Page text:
Hall also spoke about owners' involvement in the current operating plan. “We traveled to meetings across the country to develop the Operating Plan with the USDA. The owners had a lot of input into the plan. It's how we developed the Owners Liability Form whereby you can protect yourself from being liable for a Horse Protection Act violation. We send out the information every year, but you have to be responsible for educating yourselves,” said Hall.

Studdard also handed out an industry survey and asked participants to rank each issue with 1(low) to 5 (high) to value the different issues. The issues on the survey included improving our public image, higher market value for colts, improving USDA relations, a new motion/action study, elimination of the sore horse, restructuring the judging system, stronger industry leadership, empowered small owners, empowered small trainers, unification of the industry, an independent DQP inspection process, TWHBEA's HIO program, Youth/Versatility programs, a legal challenge of the scar rule, and increasing small shows outside of middle Tennessee.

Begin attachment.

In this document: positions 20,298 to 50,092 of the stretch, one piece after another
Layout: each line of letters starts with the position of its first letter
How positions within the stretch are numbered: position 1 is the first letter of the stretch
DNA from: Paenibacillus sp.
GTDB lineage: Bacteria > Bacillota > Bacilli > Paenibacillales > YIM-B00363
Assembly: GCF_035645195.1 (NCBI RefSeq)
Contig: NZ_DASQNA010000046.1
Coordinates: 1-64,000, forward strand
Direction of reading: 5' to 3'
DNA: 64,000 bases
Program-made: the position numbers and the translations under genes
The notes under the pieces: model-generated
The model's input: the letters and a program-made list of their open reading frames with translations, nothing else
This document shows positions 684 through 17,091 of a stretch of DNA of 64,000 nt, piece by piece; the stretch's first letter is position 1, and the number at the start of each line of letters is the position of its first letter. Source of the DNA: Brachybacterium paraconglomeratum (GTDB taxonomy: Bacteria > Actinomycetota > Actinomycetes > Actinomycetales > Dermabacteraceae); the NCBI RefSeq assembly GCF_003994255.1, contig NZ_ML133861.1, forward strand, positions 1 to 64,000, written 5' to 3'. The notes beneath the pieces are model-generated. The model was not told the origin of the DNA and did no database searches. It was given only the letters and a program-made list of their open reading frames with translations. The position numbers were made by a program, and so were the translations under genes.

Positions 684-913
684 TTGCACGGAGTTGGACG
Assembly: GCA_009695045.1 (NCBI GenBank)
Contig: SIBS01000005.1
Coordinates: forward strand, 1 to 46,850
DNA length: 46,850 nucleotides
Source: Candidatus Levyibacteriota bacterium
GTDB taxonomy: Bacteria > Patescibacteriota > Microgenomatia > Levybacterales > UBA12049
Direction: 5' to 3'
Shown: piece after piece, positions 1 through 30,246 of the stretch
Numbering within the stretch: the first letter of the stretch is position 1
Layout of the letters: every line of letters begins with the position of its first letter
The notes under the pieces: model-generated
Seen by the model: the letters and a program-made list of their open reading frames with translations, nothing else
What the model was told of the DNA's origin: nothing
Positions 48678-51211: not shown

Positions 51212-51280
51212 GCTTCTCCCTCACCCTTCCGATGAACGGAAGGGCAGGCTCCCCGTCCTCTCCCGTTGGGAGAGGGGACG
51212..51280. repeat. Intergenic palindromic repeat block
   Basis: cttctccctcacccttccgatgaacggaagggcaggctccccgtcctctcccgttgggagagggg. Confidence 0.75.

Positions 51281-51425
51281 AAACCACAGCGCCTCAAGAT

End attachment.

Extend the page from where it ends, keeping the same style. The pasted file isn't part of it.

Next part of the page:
The three hour meeting concluded with a promise of additional open sessions to promote communication of the status of the Facilitation Group's progress.